Now, you’ve got a page, some fresh graphics and seriously persuasive copy text, but now the videos. Oh, that’s right, we gotta make some vids.

“Rather than using video exclusively as a storytelling mechanism, think of it as a tool for storymaking, in which consumers get to take part.” — Kim Larson, Global Director of Google BrandLab

When it gets to this stage, there’s no one way of doing things. It is all about experimenting with styles, keeping to a clear end goal, and ensuring that your viewer is responding the way you want them to.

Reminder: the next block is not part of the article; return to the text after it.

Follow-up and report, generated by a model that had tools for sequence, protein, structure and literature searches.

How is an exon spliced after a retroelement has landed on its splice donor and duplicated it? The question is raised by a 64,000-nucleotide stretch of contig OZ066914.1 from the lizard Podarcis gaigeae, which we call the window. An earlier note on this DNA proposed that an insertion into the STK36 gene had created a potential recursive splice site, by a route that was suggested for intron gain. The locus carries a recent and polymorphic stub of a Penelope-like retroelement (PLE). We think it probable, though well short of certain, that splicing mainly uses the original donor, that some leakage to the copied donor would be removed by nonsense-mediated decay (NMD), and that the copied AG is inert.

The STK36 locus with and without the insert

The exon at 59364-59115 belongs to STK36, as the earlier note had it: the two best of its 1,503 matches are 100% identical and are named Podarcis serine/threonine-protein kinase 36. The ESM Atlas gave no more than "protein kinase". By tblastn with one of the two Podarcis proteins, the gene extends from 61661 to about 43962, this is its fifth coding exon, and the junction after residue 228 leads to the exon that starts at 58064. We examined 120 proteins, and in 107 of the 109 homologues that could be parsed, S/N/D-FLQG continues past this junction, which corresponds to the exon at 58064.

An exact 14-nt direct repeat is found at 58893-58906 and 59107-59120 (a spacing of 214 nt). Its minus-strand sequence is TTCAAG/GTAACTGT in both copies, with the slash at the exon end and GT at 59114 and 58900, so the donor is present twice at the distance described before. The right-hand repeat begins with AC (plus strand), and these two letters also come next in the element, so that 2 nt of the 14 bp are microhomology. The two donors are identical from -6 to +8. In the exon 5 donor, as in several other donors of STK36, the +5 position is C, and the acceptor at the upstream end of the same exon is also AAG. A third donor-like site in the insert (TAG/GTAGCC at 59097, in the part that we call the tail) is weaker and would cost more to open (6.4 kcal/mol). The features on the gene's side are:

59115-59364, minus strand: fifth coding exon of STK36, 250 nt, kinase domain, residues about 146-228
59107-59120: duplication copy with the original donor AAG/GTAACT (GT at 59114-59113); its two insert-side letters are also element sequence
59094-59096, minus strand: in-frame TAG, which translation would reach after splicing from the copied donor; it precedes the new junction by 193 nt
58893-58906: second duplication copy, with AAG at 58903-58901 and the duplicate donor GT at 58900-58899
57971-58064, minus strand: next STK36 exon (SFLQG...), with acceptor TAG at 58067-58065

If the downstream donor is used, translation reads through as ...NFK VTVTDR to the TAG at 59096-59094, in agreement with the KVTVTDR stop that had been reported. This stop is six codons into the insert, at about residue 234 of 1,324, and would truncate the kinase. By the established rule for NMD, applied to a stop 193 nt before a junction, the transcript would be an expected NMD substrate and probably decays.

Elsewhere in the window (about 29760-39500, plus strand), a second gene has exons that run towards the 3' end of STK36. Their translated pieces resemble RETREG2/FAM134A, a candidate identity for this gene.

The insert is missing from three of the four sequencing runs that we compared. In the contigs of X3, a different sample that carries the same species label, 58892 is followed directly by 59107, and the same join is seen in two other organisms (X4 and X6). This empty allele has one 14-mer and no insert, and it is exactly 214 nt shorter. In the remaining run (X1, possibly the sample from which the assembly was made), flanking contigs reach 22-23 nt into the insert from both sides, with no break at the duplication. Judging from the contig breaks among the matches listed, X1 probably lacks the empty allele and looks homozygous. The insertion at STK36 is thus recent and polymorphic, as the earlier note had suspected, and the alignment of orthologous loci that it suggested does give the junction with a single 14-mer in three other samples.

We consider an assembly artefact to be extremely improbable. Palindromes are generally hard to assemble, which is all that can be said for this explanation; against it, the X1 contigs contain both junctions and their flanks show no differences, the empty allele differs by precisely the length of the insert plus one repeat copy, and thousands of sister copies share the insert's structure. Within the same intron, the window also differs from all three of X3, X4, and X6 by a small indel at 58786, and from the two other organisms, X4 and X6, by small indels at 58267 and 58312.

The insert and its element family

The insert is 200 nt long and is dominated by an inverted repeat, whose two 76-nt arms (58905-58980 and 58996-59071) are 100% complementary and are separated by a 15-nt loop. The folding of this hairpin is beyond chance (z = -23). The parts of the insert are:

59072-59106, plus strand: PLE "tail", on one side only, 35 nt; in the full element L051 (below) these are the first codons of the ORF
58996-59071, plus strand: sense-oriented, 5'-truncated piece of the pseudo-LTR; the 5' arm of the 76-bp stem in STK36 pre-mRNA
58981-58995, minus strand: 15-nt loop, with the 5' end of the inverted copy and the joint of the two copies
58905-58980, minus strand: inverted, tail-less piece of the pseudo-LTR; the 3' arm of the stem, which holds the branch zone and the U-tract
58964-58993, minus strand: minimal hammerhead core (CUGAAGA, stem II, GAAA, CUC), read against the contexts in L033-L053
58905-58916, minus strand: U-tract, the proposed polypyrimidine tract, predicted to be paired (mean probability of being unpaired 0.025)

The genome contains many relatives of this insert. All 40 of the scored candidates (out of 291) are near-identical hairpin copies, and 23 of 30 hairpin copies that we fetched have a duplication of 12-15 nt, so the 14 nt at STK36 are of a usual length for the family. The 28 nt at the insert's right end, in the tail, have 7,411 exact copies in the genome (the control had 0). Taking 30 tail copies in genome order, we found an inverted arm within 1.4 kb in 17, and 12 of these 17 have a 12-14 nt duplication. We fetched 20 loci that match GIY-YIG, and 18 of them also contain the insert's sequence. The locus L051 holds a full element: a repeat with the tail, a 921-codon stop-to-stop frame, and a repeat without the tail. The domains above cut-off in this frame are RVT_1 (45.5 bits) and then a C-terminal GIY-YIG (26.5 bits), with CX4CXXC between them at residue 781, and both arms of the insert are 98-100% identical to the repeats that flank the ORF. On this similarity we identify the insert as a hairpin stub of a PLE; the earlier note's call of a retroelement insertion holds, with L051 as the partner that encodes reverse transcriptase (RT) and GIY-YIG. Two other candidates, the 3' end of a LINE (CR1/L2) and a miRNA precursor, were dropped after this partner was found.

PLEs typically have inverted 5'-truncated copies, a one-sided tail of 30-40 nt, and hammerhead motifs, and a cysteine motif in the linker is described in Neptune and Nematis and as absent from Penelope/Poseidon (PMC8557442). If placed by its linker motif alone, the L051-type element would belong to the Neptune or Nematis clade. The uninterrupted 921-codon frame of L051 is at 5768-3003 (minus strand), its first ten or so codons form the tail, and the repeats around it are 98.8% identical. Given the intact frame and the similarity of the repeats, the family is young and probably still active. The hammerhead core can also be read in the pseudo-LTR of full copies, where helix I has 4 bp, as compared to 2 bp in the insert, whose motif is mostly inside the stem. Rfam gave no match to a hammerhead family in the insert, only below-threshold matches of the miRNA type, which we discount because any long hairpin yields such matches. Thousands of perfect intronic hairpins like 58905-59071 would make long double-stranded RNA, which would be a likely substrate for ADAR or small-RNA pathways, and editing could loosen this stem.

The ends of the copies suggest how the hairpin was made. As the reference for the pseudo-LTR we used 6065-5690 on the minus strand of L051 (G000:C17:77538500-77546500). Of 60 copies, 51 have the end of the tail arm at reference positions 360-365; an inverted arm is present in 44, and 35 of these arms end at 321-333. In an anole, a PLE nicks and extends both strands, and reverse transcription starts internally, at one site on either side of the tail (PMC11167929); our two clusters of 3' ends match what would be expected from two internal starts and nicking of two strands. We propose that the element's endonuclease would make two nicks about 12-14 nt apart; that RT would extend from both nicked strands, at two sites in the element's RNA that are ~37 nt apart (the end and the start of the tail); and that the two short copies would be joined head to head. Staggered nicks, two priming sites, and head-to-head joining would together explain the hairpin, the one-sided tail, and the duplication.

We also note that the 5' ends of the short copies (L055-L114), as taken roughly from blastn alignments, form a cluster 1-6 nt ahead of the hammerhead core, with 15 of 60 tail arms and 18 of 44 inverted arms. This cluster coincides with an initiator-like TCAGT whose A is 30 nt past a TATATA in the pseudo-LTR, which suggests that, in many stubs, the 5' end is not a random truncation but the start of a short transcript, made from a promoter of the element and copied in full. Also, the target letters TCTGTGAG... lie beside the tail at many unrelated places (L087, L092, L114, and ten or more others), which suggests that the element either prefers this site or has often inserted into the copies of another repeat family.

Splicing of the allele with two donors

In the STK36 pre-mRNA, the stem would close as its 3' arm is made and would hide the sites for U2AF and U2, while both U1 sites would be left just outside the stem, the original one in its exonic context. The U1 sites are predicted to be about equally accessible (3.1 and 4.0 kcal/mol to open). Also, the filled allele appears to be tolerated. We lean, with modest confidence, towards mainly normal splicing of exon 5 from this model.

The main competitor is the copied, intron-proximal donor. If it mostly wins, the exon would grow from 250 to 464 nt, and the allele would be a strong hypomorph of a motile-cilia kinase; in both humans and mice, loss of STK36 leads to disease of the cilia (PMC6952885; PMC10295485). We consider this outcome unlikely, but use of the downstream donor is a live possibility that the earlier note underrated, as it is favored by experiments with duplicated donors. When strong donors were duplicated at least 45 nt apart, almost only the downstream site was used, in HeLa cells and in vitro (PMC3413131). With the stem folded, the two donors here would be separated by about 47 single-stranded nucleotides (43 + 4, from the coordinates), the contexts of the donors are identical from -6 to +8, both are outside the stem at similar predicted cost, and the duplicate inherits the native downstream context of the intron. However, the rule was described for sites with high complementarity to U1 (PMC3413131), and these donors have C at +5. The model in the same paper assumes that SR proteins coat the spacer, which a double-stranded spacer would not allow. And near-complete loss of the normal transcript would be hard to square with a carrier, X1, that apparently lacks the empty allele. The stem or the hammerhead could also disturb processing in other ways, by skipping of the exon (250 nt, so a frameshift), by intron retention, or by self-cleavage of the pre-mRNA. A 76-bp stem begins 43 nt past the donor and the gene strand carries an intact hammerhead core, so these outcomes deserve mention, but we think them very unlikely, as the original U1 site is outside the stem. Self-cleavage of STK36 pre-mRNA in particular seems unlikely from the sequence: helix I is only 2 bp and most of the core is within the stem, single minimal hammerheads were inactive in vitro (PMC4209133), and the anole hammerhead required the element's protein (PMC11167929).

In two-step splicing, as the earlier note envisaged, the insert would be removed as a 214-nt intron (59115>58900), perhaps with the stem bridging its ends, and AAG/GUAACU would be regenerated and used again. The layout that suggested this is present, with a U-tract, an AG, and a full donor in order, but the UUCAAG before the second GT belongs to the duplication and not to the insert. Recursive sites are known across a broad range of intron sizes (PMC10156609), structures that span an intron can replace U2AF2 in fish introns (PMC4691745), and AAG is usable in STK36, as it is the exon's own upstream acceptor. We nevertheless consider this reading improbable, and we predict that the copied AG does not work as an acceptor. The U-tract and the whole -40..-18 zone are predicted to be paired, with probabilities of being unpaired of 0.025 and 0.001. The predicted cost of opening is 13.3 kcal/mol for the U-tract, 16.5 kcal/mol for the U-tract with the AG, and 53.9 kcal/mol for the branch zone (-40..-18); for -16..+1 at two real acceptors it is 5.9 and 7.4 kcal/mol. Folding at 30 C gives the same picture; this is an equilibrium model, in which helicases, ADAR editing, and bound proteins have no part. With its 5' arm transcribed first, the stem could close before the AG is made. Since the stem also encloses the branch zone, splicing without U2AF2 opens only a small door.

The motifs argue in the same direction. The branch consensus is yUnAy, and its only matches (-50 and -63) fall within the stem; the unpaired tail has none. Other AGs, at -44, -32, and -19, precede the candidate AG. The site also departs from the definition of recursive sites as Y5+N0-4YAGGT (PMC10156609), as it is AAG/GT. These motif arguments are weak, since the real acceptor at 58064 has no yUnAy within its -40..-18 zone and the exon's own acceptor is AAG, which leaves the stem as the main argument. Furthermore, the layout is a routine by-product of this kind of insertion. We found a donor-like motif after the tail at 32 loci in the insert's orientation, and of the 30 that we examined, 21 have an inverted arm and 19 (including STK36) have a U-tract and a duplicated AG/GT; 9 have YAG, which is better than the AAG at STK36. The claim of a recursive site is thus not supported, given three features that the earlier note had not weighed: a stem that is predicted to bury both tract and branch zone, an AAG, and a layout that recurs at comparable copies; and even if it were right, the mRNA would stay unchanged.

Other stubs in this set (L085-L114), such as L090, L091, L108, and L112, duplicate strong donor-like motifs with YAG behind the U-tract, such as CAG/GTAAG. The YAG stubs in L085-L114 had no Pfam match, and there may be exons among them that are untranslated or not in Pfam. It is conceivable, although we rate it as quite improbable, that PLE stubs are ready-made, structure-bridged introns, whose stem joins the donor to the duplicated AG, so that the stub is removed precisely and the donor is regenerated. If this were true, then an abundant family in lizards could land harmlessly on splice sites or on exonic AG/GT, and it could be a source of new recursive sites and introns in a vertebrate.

Best practices of persuasive content

  • Piggy backing. Feel free to piggy-back on like minded companies and how their content is faring, however originality is always awesome. You need to know and understand what your prospective viewers are already watching, but I’m sure you’re already marketing yourselves as unique and innovative, so show that in video form.
  • Make content, not ads. Yeah, I know, your end goal is to sell, but you can’t let your viewer know that. Be subtle, and a lil’ cheeky with how you entice action. Say you’ve got a Tinder for guinea pigs: show us some success stories and explain to us how they can possibly use their little mitts to navigate a mobile app, but steer clear from a daytime show-esque advertisement of ‘first 3 dates free’ or the like.